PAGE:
Over the last few weeks protests against the Police, Crime and Sentencing Bill have hit the headlines, particularly protests in Bristol, where police have acted violently and lied about the extent of injuries inflicted upon them by the protesters.
Online the hashtag #KillTheBill has been used extensively, leading to a debate about the ambiguous language. I've seen people pleading with protesters not to use such a phrase because it could be misunderstood as referring to the police.
I've seen people delighting in the ambiguity. I've seen police officers in high positions lamenting the fact that police officers they know have died in the course of their 'duties' and appealing for a different use of language. One high up officer described being a police officer as a difficult job, as if being part of the oppressive state is actually work. It isn't a job; it's a role. It comes with dangers because oppression will naturally pit you against the people.
Of course, the British like a good pun. We also have a rich history of dark humour. The fact that people are protesting about a Bill going through parliament and 'bill' is slang for cops is a rich opportunity for punnage, irony and dark humour. Dark humour invites people to judge the joke and either choose to laugh or be offended. Choose wisely as there is a flip side to this coin. Your choice will be noted by those around you and in turn you will be judged for your sense of humour.
The first protest I attended was in London, at the back end of 1994. The Criminal Justice Bill sought stricter rules around raves, even restricting the number of beats per minute a track of music could go up to before a party was shut down. The establishment were worried about the impact on young minds, particularly as people seemed to attend these events and then consume drugs. Imagine. The Conservative government couldn't tolerate the fun being had. So they legislated to stop the right to party.
In 1994, the Bill going through parliament would also curtail trespass rights, just like the current one. I remember the placards on the protest I attended. "Kill The Bill" was the phrase most commonly used. There was also disorder. A large London protest saw people attempt to scale the gates at Downing Street. The protest I attended was not allowed to go past the Prime minister's residence. I remember getting close and seeing for the first time in my life a row of riot police at the ready.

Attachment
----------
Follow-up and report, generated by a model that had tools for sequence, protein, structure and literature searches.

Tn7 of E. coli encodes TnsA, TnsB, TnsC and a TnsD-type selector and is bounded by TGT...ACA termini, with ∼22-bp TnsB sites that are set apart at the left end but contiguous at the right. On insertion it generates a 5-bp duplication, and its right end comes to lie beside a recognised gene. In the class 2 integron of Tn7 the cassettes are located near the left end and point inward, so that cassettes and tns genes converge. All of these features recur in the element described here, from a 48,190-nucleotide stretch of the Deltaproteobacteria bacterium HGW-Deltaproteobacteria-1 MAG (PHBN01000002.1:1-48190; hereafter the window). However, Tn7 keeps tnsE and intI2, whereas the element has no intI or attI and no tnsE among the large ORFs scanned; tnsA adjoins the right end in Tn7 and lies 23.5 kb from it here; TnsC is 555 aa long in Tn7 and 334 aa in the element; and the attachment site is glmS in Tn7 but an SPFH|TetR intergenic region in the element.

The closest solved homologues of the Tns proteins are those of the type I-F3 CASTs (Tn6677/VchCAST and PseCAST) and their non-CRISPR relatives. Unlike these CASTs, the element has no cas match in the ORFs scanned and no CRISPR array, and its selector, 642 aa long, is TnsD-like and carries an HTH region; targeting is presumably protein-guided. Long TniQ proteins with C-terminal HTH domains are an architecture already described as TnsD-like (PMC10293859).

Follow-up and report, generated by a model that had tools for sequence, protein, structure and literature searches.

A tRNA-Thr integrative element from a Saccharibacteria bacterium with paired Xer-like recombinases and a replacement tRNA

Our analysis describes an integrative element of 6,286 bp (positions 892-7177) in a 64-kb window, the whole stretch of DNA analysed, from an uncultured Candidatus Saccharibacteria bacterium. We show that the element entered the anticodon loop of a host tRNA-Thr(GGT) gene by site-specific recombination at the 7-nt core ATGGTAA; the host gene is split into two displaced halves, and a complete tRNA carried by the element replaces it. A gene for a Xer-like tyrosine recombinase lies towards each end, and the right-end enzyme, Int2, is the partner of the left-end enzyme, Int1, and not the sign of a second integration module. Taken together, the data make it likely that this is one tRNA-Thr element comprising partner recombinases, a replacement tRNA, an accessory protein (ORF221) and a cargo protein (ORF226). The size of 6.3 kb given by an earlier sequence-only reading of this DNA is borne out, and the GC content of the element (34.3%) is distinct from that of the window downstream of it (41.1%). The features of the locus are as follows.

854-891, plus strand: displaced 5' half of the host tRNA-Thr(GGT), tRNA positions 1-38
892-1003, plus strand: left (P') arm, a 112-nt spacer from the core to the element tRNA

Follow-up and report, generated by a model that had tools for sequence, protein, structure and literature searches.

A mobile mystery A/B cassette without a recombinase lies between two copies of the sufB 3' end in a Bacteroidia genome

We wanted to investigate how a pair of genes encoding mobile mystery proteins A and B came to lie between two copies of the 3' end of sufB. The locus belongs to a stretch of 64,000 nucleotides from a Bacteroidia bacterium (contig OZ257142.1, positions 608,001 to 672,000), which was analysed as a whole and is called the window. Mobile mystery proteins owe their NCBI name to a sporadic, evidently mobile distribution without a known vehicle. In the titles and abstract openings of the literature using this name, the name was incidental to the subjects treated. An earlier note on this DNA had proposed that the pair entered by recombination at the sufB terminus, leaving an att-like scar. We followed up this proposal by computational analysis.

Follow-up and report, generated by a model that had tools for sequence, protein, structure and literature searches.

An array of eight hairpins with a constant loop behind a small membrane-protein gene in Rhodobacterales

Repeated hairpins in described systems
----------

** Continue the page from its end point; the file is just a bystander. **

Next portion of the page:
So, let's be clear. Everyone using the hashtag is aware of the connotations. A minority of hardcore protesters might even take it literally and delight in the killing of cops. Most though are using it to highlight the problems with the police and the problems of the bill passing through parliament. They are linked and the slogan works to link them. It's dark humour, get over it.
I don't see any valid limit to protest. While we are not totally free, all protest is legitimate. I do not advocate all forms of protest, however. It really depends on circumstance and it's not my decision; protests sway democratically in their tactics. What form a protest will take is for those present to decide, but often it is dictated by the policing of the event. When the police turn up for violence, the protest ends inevitably with violence. Any legislation restricting protest is wrong in principle. The police have enough powers already. They not should be given more. #KillTheBill ■
Jon Bigger, Anarchist Writer.
Originally hosted on Jon's Journal.